2015 has been the year of the OTAs – online travel agents – with strong gains already projected over other companies and single brands – they saw an 15.1% increase in the first quarter of 2015 compared to the 7.1% increase for other giants like Google and Amazon.
This should be good news for these large-scale operations but while they are keen to expand even further, concerns over rate parity issues could change the global picture.
Expedia and Priceline are dominating the markets thanks to strong growth and aggressive marketing.
Taking Expedia as the prime example of an OTAs on the rise, they now have approximately 60% of the US market share due to a merger with Orbitz. This is impressive but it is Priceline that is the dominant global force; Expedia may be the household name, especially in American homes, with its strong branding and public profile but much of the global market can be traced to Priceline. Expedia has been trying to match them through an expansion of its portfolio of businesses into global markets. The aim is for 65% of revenue to come from international bookings, such as the emerging South American market, in 2015.
Aggressive tactics of these OTAs, through heavy spending on advertising and massive mergers, mean that these brands expand significantly and single brand operations struggle to keep up. The use of technology is also important here; mobile booking and app use are important for the modern tourist and three major companies already have Apple apps compatible with the Apple Watch – Hotwire, Hotels.com and, unsurprisingly, Expedia.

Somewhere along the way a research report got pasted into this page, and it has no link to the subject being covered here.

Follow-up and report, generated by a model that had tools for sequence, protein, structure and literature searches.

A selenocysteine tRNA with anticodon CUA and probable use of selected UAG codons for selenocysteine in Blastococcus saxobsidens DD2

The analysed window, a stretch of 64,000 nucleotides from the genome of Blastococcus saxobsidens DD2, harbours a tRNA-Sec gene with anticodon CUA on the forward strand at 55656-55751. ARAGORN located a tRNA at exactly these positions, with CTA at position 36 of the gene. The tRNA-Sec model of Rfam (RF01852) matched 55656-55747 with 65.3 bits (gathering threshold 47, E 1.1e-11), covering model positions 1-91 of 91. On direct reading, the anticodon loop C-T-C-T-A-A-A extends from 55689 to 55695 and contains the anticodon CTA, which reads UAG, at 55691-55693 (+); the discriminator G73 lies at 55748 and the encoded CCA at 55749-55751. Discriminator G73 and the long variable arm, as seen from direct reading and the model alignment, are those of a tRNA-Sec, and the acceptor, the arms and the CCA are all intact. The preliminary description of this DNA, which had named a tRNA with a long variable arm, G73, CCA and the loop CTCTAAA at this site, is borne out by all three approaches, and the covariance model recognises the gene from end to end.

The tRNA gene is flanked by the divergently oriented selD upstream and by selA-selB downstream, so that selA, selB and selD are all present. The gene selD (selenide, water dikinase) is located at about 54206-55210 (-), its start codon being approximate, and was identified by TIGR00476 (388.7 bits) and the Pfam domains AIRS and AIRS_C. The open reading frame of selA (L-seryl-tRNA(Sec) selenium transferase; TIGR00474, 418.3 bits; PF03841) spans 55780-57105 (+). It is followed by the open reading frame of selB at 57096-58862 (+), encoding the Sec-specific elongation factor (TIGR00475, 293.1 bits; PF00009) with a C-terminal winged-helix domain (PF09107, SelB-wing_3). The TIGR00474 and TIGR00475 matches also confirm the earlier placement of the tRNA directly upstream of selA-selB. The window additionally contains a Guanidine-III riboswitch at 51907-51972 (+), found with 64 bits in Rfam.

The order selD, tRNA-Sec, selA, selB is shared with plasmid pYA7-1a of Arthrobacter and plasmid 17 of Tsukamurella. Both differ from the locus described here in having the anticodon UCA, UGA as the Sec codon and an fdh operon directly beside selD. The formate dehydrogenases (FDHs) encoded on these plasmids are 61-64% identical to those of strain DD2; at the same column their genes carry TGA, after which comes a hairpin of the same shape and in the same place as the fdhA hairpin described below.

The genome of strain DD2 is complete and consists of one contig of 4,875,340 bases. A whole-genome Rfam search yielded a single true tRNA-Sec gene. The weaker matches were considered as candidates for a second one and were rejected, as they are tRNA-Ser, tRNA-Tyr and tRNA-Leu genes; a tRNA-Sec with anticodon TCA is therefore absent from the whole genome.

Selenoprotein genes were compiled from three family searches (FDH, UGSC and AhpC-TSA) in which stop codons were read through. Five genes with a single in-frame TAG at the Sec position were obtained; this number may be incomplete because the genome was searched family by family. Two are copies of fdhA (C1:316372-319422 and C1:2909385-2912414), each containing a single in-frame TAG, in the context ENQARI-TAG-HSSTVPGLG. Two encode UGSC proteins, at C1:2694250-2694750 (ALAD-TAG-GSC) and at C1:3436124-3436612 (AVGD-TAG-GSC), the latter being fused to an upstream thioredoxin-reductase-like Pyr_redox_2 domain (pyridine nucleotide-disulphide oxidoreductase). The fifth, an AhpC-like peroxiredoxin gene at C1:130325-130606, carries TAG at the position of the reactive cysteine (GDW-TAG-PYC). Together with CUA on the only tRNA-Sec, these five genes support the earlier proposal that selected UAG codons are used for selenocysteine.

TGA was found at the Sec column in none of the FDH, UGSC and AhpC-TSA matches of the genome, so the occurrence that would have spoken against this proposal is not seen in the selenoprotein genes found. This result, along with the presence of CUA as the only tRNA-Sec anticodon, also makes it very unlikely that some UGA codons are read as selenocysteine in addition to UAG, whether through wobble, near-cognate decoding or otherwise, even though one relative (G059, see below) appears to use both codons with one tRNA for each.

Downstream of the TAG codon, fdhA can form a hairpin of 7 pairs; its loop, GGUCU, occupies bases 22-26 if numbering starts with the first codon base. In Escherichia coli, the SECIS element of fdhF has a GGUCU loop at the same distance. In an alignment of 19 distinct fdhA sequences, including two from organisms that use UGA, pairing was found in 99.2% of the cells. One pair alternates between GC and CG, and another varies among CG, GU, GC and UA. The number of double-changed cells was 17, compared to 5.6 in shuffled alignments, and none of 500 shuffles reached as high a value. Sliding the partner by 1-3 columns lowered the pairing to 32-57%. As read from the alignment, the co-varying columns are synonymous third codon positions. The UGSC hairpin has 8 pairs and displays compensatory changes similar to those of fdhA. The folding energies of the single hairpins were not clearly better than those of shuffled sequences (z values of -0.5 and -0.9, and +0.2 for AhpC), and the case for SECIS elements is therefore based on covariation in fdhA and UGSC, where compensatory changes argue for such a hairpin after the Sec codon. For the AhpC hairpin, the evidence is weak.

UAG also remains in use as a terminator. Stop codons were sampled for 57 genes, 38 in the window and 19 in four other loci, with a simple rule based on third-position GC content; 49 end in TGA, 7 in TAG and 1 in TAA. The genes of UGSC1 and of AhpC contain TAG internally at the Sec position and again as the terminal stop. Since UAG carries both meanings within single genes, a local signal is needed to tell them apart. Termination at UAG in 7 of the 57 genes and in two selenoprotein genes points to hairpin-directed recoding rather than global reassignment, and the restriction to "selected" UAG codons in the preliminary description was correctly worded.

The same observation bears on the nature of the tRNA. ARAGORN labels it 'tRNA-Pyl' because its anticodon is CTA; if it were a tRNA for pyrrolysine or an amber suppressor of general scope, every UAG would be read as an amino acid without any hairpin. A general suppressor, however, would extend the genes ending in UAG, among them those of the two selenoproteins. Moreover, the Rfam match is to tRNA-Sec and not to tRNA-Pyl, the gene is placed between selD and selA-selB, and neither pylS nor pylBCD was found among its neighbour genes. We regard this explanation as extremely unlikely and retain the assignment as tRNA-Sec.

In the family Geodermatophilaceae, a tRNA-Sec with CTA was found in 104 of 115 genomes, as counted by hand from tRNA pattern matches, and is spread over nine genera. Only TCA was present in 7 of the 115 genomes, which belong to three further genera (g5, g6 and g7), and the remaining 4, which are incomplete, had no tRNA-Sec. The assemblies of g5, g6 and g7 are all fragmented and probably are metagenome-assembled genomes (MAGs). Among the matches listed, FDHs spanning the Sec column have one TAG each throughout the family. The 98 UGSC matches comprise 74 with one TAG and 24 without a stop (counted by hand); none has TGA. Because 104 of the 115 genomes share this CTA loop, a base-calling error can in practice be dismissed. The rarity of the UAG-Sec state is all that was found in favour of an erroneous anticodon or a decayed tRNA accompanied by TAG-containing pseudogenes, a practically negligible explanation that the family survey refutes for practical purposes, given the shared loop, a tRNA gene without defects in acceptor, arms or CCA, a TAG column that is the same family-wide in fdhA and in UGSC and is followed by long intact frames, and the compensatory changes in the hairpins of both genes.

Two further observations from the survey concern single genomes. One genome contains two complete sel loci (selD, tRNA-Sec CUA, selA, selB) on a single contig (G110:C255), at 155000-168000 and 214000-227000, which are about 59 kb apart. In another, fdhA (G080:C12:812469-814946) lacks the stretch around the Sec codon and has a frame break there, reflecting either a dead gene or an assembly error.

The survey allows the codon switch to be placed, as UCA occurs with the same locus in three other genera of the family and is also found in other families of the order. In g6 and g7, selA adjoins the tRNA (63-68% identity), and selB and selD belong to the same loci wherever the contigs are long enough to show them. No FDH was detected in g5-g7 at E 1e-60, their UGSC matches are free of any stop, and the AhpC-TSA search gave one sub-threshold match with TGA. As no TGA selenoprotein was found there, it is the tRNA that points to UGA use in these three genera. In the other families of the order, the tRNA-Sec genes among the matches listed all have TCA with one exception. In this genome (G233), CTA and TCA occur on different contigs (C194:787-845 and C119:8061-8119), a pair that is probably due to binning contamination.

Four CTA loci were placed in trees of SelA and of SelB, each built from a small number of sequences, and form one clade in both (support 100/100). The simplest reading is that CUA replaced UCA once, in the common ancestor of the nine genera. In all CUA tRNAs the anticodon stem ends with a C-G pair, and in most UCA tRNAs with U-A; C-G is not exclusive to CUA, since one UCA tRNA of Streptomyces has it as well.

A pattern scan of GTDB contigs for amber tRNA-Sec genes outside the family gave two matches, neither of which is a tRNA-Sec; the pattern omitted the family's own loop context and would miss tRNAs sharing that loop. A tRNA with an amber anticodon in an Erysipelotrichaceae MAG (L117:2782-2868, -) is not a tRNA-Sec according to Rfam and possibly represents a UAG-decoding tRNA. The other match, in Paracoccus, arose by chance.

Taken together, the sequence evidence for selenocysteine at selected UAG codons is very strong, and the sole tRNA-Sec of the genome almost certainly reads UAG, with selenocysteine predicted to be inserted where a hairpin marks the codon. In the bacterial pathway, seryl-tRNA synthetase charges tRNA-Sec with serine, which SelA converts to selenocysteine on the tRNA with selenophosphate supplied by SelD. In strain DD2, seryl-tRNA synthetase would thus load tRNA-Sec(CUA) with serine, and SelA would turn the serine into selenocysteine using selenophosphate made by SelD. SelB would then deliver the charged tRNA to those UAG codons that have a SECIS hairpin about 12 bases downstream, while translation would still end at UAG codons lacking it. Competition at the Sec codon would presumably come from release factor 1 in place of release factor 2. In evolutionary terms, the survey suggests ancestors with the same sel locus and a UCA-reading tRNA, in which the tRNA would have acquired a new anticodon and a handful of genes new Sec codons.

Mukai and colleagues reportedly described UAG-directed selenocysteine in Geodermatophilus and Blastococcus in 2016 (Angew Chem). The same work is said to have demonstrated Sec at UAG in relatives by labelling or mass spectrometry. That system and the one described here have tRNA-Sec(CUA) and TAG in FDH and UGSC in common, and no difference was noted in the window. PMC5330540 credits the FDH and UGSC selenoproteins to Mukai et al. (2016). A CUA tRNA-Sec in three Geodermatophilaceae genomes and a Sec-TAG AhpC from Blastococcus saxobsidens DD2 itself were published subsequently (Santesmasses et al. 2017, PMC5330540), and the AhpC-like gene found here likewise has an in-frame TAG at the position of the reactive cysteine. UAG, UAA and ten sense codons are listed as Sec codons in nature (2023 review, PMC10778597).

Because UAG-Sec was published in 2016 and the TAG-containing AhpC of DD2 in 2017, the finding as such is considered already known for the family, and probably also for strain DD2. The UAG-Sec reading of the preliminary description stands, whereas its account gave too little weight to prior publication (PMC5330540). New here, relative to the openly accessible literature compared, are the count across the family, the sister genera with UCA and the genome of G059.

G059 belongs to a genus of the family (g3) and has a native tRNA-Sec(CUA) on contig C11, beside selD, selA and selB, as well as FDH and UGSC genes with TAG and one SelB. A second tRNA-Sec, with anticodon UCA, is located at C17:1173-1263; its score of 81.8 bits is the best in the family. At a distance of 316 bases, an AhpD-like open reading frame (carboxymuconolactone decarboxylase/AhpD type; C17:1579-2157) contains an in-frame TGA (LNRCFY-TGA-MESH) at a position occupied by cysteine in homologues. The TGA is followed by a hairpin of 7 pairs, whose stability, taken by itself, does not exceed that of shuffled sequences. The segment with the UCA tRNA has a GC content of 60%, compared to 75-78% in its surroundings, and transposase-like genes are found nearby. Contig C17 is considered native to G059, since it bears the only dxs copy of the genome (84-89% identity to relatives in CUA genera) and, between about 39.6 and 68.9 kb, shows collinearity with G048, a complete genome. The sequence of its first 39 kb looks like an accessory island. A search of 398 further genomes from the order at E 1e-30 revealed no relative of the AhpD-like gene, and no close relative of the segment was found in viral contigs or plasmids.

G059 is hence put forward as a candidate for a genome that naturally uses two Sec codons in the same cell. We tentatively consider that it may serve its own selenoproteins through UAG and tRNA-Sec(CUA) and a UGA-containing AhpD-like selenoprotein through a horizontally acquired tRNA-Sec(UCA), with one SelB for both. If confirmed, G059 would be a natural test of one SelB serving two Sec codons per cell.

These giants of online travel agents can continue to spend money and do battle but rate parity issues mean that a change may be on the way.
Simply put, rate parity means the ability to maintain rates for a tourism product or business, like a hotel, through all of its online distribution channels, no matter how much commission the OTAs is making from the deal. This is where smaller companies have been losing out, such as Booking.com, one of Priceline's European subsidiaries. There is, however the belief that the tide may be turning and rate parity may go out of favor. If so, this would mean hotels would have more control over prices on different channels, customers would be able to differentiate between those channels and those individual brand sites may see a surge in business.
A potential rise in the individual business rather than the wide-reaching OTAs is also good news for those two global icons mentioned before – Google and Amazon. They want their piece of the tourism pie, Google having launched their “book with Google” price alert system and Amazon's Destinations product building on its capabilities, and if the global share of Priceline and Expedia begin to fall, we should not be surprised to see these ventures gathering momentum.